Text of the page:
Jack Martins could lead GOP's run at State Senate
A Senate spark that could catch fire
Signaling a high-stakes local battle bound to draw statewide attention, former State Sen. Jack Martins, a Mineola Republican, is now mulling a comeback for his old 7th SD seat — held since 2019 by Democrat Anna Kaplan of Great Neck, insiders told The Point.
Both are viewed as serious figures in their parties. Martins, who recently played a high-profile, combative role on the state’s first Independent Redistricting Commission, left the Senate post in 2016. He first won for Senate six years earlier in a razor-close contest, unseating Sen. Craig Johnson, helping return control of the chamber to the GOP.
Apparently encouraged by last November’s GOP victories across Nassau and Suffolk counties, Martins would be running as part of a Republican push to reclaim suburban seats including the 9th SD now held by Todd Kaminsky (D-Long Beach), who isn’t seeking reelection.
The wider context may be a battle for the suburbs that overlaps with and peaks interest in the statewide contests for governor, comptroller, and attorney general.
Crime penalties set in Albany are already a visceral issue pushed by Republicans in those races, and the 7th SD would be no exception, with its North Hempstead communities having trended red in November, especially Great Neck, considered a Kaplan base.
In 2016, Martins ran for Congress, where he won 152,304 votes to Tom Suozzi’s 171,775, a 53% to 47% result. In 2017, he ran for county executive against Laura Curran who won with 147,102 votes to Martins’ 139,204, a 51-48 percentage split.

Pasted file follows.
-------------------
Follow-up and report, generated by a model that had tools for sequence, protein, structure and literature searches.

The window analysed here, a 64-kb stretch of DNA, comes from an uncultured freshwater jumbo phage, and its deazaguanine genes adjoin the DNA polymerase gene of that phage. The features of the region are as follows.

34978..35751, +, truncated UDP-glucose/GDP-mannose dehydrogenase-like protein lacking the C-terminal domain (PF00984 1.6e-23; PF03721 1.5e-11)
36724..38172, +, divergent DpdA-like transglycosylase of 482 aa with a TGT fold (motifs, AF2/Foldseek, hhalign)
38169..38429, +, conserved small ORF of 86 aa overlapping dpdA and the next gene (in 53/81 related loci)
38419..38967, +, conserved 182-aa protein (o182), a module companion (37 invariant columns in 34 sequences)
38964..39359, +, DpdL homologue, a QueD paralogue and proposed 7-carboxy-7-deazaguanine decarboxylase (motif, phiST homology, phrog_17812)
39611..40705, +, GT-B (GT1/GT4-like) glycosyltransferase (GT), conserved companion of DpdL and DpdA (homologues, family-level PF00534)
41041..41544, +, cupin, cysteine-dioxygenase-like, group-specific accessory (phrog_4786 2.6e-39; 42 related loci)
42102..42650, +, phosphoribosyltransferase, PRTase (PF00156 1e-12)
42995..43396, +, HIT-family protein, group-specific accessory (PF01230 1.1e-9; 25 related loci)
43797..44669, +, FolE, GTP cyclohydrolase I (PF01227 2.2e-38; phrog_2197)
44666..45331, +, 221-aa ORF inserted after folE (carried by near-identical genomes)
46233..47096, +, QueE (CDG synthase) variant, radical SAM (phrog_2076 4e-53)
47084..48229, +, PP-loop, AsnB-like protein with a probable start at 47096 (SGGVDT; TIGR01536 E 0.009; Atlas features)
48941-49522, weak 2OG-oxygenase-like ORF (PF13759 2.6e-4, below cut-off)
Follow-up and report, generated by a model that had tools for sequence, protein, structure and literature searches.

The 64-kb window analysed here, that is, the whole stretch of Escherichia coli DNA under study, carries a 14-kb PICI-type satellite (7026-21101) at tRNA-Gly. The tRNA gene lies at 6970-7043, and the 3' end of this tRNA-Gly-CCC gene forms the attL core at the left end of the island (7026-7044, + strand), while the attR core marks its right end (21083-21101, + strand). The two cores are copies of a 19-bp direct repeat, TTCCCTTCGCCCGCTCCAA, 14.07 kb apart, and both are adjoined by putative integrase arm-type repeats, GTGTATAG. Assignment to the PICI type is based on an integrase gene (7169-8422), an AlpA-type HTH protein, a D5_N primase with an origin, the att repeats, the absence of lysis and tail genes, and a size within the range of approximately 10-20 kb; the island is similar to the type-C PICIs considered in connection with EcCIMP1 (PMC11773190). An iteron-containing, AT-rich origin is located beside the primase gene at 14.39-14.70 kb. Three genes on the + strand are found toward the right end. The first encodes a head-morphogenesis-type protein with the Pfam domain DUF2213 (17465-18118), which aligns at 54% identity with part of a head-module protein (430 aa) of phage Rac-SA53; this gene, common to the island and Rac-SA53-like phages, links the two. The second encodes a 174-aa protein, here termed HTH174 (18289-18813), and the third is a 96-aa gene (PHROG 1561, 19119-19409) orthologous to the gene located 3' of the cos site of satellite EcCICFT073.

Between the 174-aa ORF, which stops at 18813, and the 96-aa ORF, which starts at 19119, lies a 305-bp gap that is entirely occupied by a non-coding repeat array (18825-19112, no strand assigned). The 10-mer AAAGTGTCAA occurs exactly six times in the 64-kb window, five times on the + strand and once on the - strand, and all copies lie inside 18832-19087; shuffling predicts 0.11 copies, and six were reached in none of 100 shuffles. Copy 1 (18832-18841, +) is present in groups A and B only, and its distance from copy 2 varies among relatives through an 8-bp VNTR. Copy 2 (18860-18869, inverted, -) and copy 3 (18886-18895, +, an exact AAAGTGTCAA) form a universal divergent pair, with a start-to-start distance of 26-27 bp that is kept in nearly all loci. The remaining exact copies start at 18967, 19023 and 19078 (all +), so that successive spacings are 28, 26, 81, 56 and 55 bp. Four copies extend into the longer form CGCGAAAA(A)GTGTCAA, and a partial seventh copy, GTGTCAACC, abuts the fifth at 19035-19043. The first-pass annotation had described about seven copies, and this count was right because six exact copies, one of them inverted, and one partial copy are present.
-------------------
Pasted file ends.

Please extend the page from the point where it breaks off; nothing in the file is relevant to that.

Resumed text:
One of the hottest controversies around that race erupted when an overheated Martins mailer warned that Curran as executive would "roll out the welcome mat for violent gangs like MS-13!" That mode of rhetoric is already echoing in this year’s state contests, where the GOP targets anti-incarceration changes collectively known as "bail reform" that Kaplan voted for as part of the party majority.
For all legislative seats this fall, as with the statewide elections, New York Republicans who convened in Garden City this week have nowhere to go but up. The party would hail it as progress if it can simply pierce the empowering two-thirds "supermajority" that Democrats enjoy for the first time in memory.
The current Senate split is a lopsided 43-20 — with Democrats dominating the Assembly, 106-43.
Allies of Kaplan say that while facing local political headwinds favoring the GOP, she will work the district and emphasize her constituent services regardless of who challenges her. Martins, a former Mineola mayor, has not yet announced a decision whether to run but is expected by sources to make his plans known in the coming days.
As a reference point for repeatedly defeated candidates staging a comeback in Nassau County, consider the fact that Republican Bruce Blakeman defeated Curran to become county executive. Such things are always possible, depending on which way those partisan winds are blowing.
— Dan Janison @Danjanison
Democratic donors asked to stand down
It’s not often that a Democratic Party boss sends out an email to his fundraising contacts asking that they not donate to Democratic candidates.
On Friday, state party chairman Jay Jacobs did exactly that in the CD4 scrum for the Democratic nomination in the race to succeed Kathleen Rice, who is retiring. Rice’s quick response, hammering Jacobs on Twitter, revealed how bitter these primary battles can become.
In an email blast Friday to those he greeted as "Friends," Jacobs wrote that several of the possible candidates are his friends, and asked that they "HOLD OFF on making ANY contributions to ANY of the candidates until we have had an opportunity to discuss the complexities of the race."
Jacobs wrote that his goal is to keep the seat Democratic, and that he feels not all the interested candidates can win. He encouraged donors "to reach out to me, and I will gladly provide my advice, whatever you think it is worth" as to whom they ought to support and why.